I once went to visit a lady whose husband had died. She had a friend there. Every time the widow became tearful talking about her lost husband, her friend jumped up, ‘O don’t cry love. Remember the happy times. Hey, shall we think about the music for the service instead…’ It was a catastrophic inability to let grief be felt. And it was entirely self-serving, because what widow needed to do was cry, and have someone there whilst she cried, and her friend was merely giving pain relief to her own discomfort.

‘It’s Friday… but Sunday is coming…’ Which means we can sit with Friday, and we don’t need to offer ignorant solutions to problems, because God’s life will out. We can be with whatever we face, without an exit strategy, because God’s joy is assured. Mother Julian of Norwich famously said, ‘All shall be well, and all shall be well and all manner of thing shall be well.’ It is that confidence that allows us to be in Good Friday, in the sorrow of the liturgy, in the pain of the world.

But that’s not the only thing. If you go back to that Tony Campolo sermon – or rather the sermon his senior pastor preached. The aim of the sermon was actually to mobilise a congregation that lacked confidence, who believed that the problems of America in that era – racial hatred, young people without prospects, grinding poverty – were something they could do nothing about. He wanted to mobilise them to believe that they, as he said, ‘a bunch of old people meeting in church’, could impact their community.

Because the other anaesthetic we are tempted to is despair. We might imagine that despair is very different from other ways of running away – into drugs, or illicit relationships, or overwork. But actually I think that despair also is a compulsive behaviour, a compulsive mind set, in which sorrow and grief (which are entirely good things) take a misdirection. Despair is a hardening of these things, so that the soft, empathetic, tender feelings of sadness, are calcified into a kind of fatalism: ‘It’s awful and there’s nothing we can do about it.’ And then we hide behind this despair, to protect us from the pain of engaging.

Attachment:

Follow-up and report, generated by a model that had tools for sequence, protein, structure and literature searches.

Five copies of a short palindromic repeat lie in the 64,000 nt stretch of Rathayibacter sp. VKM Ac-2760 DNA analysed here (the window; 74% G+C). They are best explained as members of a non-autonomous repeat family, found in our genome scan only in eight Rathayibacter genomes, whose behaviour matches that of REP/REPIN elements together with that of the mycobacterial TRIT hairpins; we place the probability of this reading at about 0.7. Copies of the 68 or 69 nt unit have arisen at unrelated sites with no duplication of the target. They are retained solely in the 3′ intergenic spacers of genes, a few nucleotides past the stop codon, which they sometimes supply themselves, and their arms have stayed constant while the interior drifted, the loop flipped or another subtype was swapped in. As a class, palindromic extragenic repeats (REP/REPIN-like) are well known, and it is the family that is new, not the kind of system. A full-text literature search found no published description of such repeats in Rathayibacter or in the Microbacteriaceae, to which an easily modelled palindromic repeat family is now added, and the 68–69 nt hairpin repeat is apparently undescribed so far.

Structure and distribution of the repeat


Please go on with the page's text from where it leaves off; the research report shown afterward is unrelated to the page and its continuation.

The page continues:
This is cowardly retreat and nothing to do with the Gospel – and nothing to do with Good Friday. One of the remarkable things about the story today, is that Jesus remains engaged with his own and other people’s needs, even when others run away. On the cross he’s concerned for Mary and John – and offering them the chance for care and relationship – ‘women, behold your son’, ‘behold, your mother’.  He’s engaged with the needs of the penitent thief – ‘today you will be with me in paradise’. He’s engaged with the needs of those who crucify him – ‘Father, forgive them, for they know not what they do.’ And he’s not frightened to name his own spiritual pain – ‘My God, my God, why have you forsaken me?’ – which is not a cry of fatalistic despair, but of passionate engagement.

And Jesus invites us also to engagement. What are the problems that weigh on your heart? Issues in our community, High Path regeneration, sick neighbours, friends with dementia. Issues of terror, Brussels, Syria. Issues in your life, broken friendships, financial problems. Issues on a global scale, 20% of people are hungry, children dying of curable illnesses.

It’s Friday, but Sunday is coming… And that is a call to become active with and among these problems. The question is not what can’t we do, but what can we do. The point is not to do good from a safe height, but rather to recognise how our own wellbeing is intimately bound with others wellbeing – how we are called to serve each other. On a national scale, I truly believe that the refuge Britain is frightened to give to Syrian refugees, would actually be repaid many times by the insight, richness, and large-heartedness that they would bring to our national life. What is the equivalent for us, for our church’s, for you?

I do feel at moments that there is a rhetoric of despair or small-vision around our churches in this team. But it’s Friday… and Sunday is coming… And we can be a presence in this part of Merton, in Colliers Wood, in South Wimbledon. We have the resources, because God gives us the resources, to love our community, and speak amidst its pain.

It’s Friday, but Sunday is coming. And we can be a Good Friday people because we are also an Easter people.